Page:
PharmAust has announced it will enter phase three of their trial fortreatment of pet dogs with B cell lymphoma.
This follows the success of phase two in which PharmAust identified the idealcombination of monepantel (MPL, an anthelmintic drug) and prednisolone (asteroid medication) more than doubled the life expectancy of pet dogs comparedwith standard-of-care prednisolone.
During the trial, pet dogs have been administered MPL as gelatin encapsulatedliquid or as a tablet across four doses. Based on this, PharmAust hascalculated an optimum drug plasma range for anticancer activity and minimalside effects.
Kim Agnew, Trial Principal Investigator, said she was pleased with theresults, and they may look to expand the study abroad.
“We have made clear progress in a short timeframe in better understanding themonepantel/B-cell lymphoma dose/response relationship and now have clearerunderstanding of the effective plasma range required for monepantel as a mono-therapy. It is exciting to begin planning an extension of study sites outsideof Australia to explore these findings in more detail. We are activelyinvestigating options for sites in NZ and the US to broaden enrolments.”
Of the seven dogs with drug plasma levels in the optimum range, six achievedstable disease and one had a partial response, with some tumors completelydisappearing, while maintaining minimal or no side effects.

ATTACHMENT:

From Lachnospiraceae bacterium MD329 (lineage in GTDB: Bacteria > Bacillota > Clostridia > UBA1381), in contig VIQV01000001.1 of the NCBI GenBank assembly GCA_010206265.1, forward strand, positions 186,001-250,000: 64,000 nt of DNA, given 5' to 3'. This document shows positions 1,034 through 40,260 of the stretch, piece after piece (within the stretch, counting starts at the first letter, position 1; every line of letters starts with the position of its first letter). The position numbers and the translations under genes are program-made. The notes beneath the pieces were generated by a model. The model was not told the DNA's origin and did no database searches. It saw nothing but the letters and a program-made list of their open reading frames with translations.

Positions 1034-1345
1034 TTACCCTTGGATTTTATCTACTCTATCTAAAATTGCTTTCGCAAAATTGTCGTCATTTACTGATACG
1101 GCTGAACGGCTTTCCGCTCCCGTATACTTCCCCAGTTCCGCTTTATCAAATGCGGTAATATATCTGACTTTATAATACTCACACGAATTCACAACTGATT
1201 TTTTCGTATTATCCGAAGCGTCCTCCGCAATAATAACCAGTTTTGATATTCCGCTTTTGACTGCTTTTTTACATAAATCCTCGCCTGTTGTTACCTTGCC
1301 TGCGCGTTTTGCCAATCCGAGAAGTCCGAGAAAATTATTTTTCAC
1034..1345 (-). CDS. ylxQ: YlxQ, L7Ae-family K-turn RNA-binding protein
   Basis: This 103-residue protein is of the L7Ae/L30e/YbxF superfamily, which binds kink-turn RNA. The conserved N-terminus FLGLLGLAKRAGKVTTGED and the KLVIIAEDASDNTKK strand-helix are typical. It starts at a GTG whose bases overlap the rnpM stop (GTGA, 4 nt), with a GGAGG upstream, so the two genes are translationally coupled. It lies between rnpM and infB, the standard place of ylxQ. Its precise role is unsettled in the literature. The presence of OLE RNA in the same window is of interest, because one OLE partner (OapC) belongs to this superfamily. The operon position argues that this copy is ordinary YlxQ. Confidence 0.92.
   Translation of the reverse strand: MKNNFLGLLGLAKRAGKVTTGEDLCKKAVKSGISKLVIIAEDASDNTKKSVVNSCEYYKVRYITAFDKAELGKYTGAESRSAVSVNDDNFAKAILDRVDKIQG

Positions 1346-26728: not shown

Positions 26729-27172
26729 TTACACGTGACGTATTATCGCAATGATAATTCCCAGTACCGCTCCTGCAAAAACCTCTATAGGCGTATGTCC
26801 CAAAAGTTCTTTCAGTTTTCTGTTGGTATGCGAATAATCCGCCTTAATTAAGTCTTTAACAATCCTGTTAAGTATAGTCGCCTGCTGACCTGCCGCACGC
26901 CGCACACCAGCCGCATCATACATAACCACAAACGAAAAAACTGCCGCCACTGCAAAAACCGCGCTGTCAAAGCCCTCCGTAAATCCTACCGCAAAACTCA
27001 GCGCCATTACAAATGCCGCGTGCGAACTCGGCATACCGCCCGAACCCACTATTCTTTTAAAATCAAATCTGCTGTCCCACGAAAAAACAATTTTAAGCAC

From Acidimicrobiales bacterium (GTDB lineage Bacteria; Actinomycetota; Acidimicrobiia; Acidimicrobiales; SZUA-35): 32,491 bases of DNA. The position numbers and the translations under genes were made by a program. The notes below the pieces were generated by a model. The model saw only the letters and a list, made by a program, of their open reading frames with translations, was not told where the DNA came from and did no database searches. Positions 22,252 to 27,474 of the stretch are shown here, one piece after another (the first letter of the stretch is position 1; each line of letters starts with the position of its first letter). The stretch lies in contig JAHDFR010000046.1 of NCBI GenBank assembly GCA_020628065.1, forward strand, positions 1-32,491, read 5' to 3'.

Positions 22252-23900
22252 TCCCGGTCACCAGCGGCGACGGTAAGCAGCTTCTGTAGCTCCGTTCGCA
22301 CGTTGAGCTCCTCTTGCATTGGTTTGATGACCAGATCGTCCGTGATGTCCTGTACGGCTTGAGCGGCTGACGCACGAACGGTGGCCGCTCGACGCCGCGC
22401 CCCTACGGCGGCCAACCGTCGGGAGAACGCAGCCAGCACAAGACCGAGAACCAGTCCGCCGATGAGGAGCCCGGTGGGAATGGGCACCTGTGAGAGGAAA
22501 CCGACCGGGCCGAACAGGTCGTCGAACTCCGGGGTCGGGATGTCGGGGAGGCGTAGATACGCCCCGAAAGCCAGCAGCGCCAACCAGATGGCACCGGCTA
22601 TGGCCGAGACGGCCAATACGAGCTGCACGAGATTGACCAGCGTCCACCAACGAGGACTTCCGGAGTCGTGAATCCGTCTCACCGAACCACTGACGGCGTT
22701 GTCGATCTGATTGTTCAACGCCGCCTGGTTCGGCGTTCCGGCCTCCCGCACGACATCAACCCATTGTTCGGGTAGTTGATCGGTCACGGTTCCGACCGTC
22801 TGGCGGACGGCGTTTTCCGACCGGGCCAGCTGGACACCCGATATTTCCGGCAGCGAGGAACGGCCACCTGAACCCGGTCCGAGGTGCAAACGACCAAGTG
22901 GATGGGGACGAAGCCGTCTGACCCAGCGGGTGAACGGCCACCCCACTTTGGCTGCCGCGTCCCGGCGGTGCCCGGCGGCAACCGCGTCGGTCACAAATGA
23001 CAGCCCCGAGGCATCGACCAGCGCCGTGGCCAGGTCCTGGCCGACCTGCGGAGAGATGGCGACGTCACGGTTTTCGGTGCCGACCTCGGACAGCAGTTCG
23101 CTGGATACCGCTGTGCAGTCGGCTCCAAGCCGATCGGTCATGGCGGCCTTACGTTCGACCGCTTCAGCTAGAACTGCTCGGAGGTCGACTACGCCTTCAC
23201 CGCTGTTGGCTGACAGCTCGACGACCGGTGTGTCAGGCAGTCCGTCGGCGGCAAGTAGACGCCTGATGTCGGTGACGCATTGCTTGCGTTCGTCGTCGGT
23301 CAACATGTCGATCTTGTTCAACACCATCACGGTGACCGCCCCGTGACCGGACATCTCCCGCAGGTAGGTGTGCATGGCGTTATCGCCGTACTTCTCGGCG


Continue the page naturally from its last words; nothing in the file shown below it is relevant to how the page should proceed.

Five of the dogs that achieved stable disease continued to take MPL after thecompletion of the trial with all achieving a migher than expected mean andmedian survival time, at 125 and 138 days, respectively. All owners reported amuch higher quality of life for their pet dogs while taking MPL.
Dr. Richard Mollard, PharmAust’s Chief Scientific Officer, said the trial datawas proving interesting.
“Although this analysis examining the effects of combination with prednisoloneis retrospective in nature, it enables the making of robust hypotheses andprovides justification for their formal testing in Phase 3 studies. Quality oflife may be the most important outcome for pet dogs as we do not know how petdogs balance expectations of their quality of life with expectations ofquantity of life. Extended overall survival time with good quality of life isthe most important outcome for pet owners and veterinarians.”
Tagged: Cancer, PharmAust
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